Nebraska Farm Real Estate Value and Cropland Rent Higher - UNL CropWatch, Aug. 3, 2012
August 3, 2012
Nebraska's farm real estate value, a measurement of the value of all land and buildings on farms, rose from 2011, extending a trend that began in 1993, according to USDA’s National Agricultural Statistics Service, Nebraska Field Office. Farm real estate value for 2012 averaged $2,590 per acre. This is up $650 per acre or 34% higher than last year’s revised level.
Cropland value increased 36% from last year to $4,480 per acre, with dryland acreage averaging $3,500 per acre and irrigated cropland at $6,000. Pastureland, at $660 per acre, increased $130 from a year ago.
Cash rent paid to landlords in 2012 for cropland increased from last year. Irrigated cropland rent averaged $225 per acre, an increase of $35. Statewide, dryland rent averaged $131 per acre, up $16 from a year earlier. Pasture rented for cash, which averaged $17.50 per acre, is up $1.00 from the previous year.
County level averages of 2012 cash rents paid to landlords will be released September 7 and will be available through NASS Quick Stats.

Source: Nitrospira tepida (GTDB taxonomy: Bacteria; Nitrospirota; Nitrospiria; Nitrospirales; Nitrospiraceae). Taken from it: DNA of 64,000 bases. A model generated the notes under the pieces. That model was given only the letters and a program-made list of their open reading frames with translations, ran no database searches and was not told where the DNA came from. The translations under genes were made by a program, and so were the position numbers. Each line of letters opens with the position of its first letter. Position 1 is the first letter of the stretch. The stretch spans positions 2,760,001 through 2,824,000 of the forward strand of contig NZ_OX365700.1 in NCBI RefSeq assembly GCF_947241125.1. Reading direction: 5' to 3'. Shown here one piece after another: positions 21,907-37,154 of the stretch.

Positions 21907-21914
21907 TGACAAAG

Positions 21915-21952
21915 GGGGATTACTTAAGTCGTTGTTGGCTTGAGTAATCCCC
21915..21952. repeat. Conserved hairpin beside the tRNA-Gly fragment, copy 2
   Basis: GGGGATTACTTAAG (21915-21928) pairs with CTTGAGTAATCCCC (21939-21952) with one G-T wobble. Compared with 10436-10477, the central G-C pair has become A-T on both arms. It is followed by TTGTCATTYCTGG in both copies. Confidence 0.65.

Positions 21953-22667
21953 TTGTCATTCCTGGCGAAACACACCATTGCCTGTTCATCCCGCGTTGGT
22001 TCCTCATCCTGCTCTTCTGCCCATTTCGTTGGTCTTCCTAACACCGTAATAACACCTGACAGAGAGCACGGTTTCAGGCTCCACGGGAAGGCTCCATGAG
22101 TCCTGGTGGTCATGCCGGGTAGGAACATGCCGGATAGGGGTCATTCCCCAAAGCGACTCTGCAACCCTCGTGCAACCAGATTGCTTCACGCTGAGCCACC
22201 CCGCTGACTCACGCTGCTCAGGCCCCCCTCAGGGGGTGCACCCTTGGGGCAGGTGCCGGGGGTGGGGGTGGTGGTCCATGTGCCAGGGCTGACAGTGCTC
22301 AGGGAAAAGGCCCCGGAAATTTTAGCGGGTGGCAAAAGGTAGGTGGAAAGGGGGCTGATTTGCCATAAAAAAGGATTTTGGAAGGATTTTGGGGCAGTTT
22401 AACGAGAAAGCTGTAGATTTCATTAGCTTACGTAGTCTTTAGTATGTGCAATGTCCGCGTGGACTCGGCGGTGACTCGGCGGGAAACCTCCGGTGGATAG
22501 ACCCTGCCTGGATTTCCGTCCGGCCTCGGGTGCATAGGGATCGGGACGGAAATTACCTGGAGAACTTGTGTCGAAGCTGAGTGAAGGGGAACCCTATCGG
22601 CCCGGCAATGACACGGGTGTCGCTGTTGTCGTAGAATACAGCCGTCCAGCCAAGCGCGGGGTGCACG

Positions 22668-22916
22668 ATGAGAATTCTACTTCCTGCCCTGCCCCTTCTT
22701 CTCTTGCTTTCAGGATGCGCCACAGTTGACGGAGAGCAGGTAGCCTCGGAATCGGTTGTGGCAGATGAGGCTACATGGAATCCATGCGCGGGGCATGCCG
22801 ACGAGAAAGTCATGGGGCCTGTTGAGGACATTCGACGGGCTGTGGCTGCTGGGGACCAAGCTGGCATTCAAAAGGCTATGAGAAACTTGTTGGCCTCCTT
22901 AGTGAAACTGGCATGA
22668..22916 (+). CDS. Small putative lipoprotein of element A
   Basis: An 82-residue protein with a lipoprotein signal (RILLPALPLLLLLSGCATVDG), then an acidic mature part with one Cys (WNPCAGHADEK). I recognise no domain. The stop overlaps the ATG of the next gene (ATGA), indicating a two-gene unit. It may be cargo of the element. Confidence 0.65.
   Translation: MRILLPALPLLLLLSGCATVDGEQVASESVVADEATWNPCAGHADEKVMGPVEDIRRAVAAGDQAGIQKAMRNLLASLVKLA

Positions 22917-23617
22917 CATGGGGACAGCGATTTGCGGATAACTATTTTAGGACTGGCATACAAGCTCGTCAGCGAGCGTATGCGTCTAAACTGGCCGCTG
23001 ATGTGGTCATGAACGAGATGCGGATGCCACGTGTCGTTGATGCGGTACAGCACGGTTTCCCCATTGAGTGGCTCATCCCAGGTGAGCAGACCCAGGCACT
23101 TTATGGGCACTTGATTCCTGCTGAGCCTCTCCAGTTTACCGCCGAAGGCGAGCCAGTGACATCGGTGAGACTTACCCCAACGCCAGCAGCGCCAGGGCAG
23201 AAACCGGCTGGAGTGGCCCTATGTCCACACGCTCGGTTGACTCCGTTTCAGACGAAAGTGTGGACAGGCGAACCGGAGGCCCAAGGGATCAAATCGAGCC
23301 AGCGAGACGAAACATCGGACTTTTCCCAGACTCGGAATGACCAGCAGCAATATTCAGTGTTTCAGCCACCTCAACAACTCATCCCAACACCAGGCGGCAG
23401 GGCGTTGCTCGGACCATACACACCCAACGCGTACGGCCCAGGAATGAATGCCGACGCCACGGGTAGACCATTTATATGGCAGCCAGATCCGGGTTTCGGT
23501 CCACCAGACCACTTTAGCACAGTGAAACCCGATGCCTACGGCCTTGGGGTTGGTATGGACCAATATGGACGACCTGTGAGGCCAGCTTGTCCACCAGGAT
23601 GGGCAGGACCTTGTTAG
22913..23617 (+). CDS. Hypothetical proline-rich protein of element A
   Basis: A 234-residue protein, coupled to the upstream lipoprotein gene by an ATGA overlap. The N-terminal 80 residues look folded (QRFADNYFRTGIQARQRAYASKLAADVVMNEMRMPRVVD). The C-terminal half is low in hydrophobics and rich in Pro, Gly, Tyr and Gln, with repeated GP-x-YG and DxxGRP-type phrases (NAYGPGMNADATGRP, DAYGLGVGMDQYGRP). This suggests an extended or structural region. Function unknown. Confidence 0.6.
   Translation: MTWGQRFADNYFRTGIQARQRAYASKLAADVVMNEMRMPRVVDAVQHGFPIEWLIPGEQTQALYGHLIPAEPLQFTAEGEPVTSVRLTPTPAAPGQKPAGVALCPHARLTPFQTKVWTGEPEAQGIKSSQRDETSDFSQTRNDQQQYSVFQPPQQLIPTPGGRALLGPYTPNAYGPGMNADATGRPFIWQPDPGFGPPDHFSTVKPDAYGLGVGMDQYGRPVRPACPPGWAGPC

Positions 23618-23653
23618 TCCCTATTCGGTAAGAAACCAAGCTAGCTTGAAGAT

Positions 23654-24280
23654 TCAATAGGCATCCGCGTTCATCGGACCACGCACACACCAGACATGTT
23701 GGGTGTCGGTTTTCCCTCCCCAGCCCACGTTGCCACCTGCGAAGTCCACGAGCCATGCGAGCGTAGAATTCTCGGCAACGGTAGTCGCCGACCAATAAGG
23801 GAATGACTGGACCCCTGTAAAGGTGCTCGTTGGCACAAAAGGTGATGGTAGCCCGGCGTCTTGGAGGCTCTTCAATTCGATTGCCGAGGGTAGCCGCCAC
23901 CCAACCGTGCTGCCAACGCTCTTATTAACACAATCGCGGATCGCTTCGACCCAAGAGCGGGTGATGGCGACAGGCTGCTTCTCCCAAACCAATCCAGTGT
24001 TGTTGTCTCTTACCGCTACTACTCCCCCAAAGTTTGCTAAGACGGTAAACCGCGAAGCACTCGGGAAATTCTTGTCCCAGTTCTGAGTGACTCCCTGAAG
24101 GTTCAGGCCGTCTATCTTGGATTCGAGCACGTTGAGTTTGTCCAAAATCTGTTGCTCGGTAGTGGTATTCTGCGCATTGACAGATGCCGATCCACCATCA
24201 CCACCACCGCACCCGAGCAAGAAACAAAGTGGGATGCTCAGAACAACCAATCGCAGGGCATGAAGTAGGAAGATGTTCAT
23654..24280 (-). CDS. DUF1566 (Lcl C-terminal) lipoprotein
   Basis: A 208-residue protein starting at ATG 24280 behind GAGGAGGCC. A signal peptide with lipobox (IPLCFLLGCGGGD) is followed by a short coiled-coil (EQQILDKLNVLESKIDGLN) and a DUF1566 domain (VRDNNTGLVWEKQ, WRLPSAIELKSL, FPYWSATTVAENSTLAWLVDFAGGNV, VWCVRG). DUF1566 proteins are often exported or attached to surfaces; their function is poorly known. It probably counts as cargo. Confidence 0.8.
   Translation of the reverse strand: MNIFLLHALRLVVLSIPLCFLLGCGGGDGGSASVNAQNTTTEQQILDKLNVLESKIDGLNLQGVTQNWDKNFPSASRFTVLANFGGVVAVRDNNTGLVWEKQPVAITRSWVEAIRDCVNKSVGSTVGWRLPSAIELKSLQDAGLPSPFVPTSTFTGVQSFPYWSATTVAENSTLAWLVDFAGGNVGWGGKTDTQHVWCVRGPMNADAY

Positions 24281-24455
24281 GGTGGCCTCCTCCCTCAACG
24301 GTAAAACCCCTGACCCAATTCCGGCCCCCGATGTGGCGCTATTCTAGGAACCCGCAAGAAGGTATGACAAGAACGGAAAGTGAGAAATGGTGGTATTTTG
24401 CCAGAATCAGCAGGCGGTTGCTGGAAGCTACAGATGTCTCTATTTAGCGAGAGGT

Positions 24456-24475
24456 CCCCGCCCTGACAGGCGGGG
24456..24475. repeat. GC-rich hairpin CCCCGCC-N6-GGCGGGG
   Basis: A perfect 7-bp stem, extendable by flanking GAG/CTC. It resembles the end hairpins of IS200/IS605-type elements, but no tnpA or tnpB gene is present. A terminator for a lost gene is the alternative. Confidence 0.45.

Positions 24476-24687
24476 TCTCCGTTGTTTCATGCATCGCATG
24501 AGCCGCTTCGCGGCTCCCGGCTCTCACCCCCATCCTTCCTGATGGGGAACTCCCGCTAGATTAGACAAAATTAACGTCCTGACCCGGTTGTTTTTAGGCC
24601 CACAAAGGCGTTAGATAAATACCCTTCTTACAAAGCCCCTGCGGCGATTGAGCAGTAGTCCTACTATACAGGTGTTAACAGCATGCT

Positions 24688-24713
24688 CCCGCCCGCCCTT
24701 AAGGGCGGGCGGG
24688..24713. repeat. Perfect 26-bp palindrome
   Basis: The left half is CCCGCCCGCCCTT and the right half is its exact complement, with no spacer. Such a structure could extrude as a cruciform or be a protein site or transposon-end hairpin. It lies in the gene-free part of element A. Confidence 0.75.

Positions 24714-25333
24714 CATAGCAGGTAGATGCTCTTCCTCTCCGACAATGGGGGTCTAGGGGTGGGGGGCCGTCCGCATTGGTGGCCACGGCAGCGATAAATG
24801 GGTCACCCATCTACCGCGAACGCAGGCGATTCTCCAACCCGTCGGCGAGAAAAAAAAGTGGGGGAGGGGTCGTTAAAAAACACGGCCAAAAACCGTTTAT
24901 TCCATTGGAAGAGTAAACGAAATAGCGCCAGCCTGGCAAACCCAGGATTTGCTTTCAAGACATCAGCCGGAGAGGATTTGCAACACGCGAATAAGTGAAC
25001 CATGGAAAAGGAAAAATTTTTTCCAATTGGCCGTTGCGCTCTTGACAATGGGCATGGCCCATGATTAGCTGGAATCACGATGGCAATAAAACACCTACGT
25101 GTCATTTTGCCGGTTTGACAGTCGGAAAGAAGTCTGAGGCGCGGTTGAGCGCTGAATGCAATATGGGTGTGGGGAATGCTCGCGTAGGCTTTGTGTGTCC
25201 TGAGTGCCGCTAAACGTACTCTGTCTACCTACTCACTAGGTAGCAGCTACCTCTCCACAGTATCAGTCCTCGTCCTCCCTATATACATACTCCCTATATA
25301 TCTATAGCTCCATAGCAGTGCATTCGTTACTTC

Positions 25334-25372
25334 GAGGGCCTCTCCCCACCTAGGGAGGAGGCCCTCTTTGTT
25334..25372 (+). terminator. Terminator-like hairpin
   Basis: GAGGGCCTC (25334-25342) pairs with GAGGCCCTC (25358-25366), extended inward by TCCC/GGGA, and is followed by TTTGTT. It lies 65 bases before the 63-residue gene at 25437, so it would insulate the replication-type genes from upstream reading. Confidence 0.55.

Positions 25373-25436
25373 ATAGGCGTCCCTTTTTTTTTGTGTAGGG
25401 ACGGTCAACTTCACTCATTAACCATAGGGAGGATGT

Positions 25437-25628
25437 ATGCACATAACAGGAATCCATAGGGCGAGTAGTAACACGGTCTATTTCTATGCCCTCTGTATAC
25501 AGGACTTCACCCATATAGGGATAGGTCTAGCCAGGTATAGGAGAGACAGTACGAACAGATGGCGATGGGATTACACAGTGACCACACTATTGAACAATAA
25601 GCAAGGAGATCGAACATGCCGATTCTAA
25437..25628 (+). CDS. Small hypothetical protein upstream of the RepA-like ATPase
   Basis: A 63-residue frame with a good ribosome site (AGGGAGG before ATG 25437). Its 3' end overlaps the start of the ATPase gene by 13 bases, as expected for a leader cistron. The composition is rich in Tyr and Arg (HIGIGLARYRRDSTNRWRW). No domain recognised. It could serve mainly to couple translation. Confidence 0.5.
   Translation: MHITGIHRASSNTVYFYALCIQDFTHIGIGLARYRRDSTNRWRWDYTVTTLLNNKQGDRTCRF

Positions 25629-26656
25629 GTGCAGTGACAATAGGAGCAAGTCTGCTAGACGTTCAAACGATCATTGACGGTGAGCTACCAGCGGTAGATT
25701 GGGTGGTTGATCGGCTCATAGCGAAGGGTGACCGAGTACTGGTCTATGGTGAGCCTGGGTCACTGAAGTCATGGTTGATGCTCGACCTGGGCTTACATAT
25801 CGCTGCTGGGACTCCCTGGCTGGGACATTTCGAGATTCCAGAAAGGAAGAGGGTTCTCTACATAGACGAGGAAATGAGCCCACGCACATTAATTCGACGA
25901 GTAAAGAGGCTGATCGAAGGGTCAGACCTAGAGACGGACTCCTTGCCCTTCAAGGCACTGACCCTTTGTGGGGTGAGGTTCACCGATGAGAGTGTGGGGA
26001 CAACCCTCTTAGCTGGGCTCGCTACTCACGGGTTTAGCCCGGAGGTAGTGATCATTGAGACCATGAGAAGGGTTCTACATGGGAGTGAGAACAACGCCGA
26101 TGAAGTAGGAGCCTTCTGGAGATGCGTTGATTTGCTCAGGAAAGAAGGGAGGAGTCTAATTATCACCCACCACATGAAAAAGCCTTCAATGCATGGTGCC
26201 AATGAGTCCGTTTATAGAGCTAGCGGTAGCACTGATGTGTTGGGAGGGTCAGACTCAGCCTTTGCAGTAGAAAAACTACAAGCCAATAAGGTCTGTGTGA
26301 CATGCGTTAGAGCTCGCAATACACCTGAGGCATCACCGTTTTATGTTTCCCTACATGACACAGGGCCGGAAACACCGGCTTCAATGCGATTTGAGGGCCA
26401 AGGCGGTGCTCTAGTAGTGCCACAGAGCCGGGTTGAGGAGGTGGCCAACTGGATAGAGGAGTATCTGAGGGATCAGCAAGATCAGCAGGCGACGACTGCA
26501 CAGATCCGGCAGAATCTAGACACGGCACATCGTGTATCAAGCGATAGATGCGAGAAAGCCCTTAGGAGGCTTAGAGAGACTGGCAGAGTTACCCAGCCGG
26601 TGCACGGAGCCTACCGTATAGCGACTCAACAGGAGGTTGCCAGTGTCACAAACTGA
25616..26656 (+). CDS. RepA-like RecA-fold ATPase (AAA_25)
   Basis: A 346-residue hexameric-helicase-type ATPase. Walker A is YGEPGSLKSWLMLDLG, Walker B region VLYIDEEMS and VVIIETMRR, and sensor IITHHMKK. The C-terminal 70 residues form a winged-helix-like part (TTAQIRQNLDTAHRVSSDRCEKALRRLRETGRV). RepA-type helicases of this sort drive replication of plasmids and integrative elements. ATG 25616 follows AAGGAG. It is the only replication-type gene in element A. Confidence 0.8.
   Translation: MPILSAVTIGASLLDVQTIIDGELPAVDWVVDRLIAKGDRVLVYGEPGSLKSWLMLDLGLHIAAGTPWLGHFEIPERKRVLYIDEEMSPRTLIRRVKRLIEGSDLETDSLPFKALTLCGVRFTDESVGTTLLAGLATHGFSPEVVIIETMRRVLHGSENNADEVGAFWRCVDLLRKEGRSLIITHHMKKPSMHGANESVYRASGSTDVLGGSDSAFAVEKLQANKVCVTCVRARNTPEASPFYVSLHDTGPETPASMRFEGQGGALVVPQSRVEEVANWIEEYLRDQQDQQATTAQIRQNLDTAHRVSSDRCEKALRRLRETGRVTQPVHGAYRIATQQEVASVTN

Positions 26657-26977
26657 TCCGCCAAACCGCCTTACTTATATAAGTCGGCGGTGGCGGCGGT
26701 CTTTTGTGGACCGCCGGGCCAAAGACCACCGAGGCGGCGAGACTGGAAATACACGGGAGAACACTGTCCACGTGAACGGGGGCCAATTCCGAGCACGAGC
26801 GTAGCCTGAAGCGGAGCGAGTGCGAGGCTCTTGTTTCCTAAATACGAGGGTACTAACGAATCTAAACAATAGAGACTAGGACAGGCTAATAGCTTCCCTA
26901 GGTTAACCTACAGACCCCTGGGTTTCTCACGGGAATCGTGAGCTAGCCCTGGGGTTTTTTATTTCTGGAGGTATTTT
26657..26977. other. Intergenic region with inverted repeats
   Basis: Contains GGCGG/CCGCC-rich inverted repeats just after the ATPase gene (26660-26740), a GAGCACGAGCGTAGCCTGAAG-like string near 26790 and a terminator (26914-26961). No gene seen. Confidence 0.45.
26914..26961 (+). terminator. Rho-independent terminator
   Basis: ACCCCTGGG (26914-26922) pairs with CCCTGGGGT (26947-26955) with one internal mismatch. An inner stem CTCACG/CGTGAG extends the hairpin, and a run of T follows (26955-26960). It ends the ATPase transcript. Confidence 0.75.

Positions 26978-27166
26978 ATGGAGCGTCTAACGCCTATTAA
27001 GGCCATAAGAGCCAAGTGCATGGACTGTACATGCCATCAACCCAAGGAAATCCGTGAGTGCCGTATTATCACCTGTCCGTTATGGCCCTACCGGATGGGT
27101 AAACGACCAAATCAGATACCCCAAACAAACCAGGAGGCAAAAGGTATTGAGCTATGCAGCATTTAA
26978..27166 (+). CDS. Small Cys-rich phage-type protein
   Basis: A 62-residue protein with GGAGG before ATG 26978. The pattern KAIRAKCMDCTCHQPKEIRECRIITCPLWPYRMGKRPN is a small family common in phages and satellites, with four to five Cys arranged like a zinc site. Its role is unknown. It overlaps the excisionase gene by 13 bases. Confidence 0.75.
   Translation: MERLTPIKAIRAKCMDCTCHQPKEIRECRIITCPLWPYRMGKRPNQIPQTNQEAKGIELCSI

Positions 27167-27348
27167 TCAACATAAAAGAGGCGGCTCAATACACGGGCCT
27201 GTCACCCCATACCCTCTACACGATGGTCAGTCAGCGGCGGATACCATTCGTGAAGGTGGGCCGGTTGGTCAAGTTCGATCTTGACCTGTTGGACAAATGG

Nationally, farm real estate value, a measurement of the value of all land and buildings on farms, averaged $2,650 per acre for 2012, up 10.9% from revised 2011 values. Regional changes in the average value of farm real estate ranged from a 26.7% increase in the Northern Plains region to a 4.1% decline in the Southeast region. The highest farm real estate values were in the Corn Belt region at $5,560 per acre. The Mountain region had the lowest farm real estate value at $974 per acre.
The United States cropland value increased by $450 per acre (14.5%) to $3,550 per acre. In the Northern Plains and Corn Belt regions, the average cropland value increased 31.1% and 18.5%, respectively, from the previous year. However, in the Southeast region, cropland values decreased by 3.8%. Nebraska, Kansas, North Dakota, and South Dakota are in the USDA Northern Plains region. Illinois, Indiana, Iowa, Missouri, and Ohio are in the Corn Belt region.
The United States pasture value increased to $1,150 per acre, or 4.5% above 2011. The Southeast region had the largest percentage decrease in pasture value, 7.0% below 2011. The Northern Plains had the highest increase at 21.9%.
For more information see the national report at USDA August 2012 Land Values Summary.
USDA News Release and Report